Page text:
Date of Award
Spring May 2011
Campus Access only research projects
Master of Arts
Marital and Family Therapy
School or College
College of Communication and Fine Arts
The main purpose of this qualitative research study is to explore first- and second-generation Chinese American’s immigration and acculturation experiences using semi-structured narrative interviews, inviting participants to engage in further exploration incorporating art making, a non- verbal method of expression. The research was designed to gain a greater understanding of Chinese Americans’ views and understandings of self, the experience and impact of cultural values on individuals and families, and to understand the role of communication and verbal and non-verbal modes of expression for this population. The findings are intended to potentially aid professionals working with this population: to promote greater awareness, understanding, and sensitivity to concerns of particular relevance, such as understanding the place of self-expression and expression of emotion, both verbal and non-verbal modes, and the role of value systems including traditional Chinese values, such as filial piety, interdependence and harmony, shame and face-saving reactions, and emphasis on achievement, especially in the context of family. Additionally this study contributes to the field of art therapy by exploring cultural and intergenerational considerations and the use of art in therapy with Chinese Americans.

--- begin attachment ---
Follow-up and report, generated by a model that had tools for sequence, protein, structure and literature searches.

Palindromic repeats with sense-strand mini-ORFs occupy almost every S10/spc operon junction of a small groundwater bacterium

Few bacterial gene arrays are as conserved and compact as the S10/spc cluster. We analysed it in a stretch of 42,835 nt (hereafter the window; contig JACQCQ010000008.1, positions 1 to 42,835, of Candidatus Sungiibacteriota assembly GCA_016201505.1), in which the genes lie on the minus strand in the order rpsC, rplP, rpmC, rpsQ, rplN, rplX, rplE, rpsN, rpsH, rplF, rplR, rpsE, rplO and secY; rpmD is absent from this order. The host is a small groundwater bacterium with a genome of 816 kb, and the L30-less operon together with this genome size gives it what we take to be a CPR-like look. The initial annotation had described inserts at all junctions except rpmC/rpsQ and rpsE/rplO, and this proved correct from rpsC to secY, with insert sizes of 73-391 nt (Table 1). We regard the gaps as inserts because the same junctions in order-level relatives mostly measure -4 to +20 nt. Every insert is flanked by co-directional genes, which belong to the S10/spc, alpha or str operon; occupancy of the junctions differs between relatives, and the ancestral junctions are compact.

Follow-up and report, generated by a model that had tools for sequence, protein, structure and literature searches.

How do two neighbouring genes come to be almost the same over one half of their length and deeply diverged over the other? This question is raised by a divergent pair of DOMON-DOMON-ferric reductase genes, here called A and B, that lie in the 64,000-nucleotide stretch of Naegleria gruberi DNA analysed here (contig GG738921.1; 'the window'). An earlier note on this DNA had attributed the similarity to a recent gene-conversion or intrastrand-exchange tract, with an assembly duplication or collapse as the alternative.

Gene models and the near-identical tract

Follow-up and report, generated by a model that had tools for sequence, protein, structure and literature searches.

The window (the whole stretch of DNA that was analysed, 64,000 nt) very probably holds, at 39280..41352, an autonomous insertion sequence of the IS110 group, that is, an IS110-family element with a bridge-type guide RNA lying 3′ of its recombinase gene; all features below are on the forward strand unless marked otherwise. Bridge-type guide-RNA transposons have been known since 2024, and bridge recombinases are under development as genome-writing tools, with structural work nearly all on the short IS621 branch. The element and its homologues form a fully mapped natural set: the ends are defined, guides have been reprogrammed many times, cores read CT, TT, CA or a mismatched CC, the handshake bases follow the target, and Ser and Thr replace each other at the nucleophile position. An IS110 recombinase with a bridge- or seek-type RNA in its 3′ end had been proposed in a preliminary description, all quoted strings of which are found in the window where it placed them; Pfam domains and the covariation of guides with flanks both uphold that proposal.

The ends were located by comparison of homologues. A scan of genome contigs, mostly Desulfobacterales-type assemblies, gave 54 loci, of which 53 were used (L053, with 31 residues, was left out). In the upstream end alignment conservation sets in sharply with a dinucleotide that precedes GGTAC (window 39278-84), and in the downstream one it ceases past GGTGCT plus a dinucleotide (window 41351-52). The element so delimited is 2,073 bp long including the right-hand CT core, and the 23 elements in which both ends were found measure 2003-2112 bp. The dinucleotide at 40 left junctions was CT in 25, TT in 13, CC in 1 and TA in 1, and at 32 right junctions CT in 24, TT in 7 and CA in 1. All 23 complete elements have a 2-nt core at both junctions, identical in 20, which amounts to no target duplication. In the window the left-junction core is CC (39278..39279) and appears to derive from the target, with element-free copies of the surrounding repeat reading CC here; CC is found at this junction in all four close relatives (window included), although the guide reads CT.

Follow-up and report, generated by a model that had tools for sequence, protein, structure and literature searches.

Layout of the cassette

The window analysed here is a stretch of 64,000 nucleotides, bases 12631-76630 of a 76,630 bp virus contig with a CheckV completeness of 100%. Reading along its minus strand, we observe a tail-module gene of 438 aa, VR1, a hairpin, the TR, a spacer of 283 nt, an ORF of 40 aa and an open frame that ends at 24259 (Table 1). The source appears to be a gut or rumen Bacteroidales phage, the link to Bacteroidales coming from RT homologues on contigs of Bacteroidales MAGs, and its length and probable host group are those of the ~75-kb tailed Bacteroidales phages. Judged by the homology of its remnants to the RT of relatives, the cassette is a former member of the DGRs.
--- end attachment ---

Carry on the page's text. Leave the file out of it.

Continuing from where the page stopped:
Wang, Kristen K., "Intergenerational Acculturation and Values in Chinese American Families: An Integrative Artistic Narrative Exploration" (2011). LMU/LLS Theses and Dissertations. 79.